It appears that the I&B Ministry has issued a notice to MTV's Splitsvilla for deginrating women and IBN7 for spreading rumours of religious events. Weirdly enough, and I'm no prude when it comes to things, Splitsvilla is an awful show, but then again, PRDM is a prude and I was curious to see how long MTV could get away by pushing the boundaries. s for IBN7, well, that channel needs help, and if takes the I&B ministry to help them, so be it!

Great Moments in Sports Commentary

I heard this recently during one of the Olympic boxing bouts, I can't remember which one, but some Central Asian fighter was beating the crap out of some African guy...

"He has more chance of picking up K.D Lang in a bar than he has of winning this bout."


That said, DD Sports has had the most abysmal coverage of the Olympics. They cut out whenever they please, have idiotic hosts and graphics from the 1980's. I know they are the public broadcaster and each millions of homes, but for crying out loud! And those NREGS ads... Ugh!

Friday, August 15, 2008


I should really stop trying to find new and innovative ways to torture my body and soul. I don't have a banger of a hangover, but I'm rather lucky that I stopped after one Cognac. Nothing that a Double Espresso cannot cure, but since I'm saro-ing in office right now and thanks to silly land deals, the cloests Barista is more than ten minutes drive away, the headache is only going to get worse. So large amounts of hydration is the only solution for now.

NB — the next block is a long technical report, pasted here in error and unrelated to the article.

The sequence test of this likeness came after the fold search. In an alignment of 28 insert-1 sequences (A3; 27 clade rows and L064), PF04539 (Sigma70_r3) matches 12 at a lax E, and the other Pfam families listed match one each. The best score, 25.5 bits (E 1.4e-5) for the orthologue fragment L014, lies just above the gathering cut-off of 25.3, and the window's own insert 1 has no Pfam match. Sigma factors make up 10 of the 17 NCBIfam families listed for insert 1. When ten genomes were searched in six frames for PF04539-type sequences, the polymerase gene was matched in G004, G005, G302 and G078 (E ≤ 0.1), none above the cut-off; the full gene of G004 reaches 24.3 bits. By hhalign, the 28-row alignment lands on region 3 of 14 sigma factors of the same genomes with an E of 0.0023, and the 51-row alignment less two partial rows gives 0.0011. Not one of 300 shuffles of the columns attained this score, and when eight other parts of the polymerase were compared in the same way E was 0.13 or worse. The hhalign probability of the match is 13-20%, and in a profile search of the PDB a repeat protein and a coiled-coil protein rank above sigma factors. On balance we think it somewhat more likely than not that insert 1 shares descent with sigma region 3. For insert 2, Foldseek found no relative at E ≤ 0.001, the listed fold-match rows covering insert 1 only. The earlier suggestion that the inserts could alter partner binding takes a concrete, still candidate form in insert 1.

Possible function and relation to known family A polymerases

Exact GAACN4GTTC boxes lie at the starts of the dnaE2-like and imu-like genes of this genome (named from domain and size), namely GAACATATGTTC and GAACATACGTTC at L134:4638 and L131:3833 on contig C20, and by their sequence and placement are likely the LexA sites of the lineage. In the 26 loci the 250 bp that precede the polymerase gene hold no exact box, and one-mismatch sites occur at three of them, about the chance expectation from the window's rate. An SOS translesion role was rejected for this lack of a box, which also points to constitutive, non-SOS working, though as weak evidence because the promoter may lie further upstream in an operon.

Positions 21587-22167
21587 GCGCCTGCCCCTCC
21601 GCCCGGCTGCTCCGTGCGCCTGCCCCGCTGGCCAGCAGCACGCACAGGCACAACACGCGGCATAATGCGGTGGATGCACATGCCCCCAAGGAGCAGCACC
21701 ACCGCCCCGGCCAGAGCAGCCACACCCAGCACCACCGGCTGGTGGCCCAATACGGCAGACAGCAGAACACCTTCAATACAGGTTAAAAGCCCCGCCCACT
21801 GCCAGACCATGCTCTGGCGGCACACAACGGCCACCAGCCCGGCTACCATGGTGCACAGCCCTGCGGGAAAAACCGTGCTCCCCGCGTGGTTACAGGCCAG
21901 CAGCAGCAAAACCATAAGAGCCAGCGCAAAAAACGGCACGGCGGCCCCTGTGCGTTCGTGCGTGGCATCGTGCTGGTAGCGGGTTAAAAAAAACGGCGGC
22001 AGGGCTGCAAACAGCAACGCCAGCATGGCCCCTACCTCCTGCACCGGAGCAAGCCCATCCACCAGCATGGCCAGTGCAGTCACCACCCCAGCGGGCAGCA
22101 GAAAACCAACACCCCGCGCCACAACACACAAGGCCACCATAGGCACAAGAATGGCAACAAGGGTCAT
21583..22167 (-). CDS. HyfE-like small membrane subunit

Oh, I would have said Happy Independence Day, but I'm still trying to come to grips with what it all really means. Well, the brain is still a bit too foggy!

Thursday, August 14, 2008

Yes, I should proof-read blog posts too

I proof my stories before I fire them off, and I should start taking equal care with my blog posts. But I will not edit the last post and will keep the comments as a reminder to myself of my tardiness. I apologise for that, but I've always written posts in a sort of 'stream of consciousness'. Yesterday I fired off the post in ten minutes and I didn't bother to read it even once.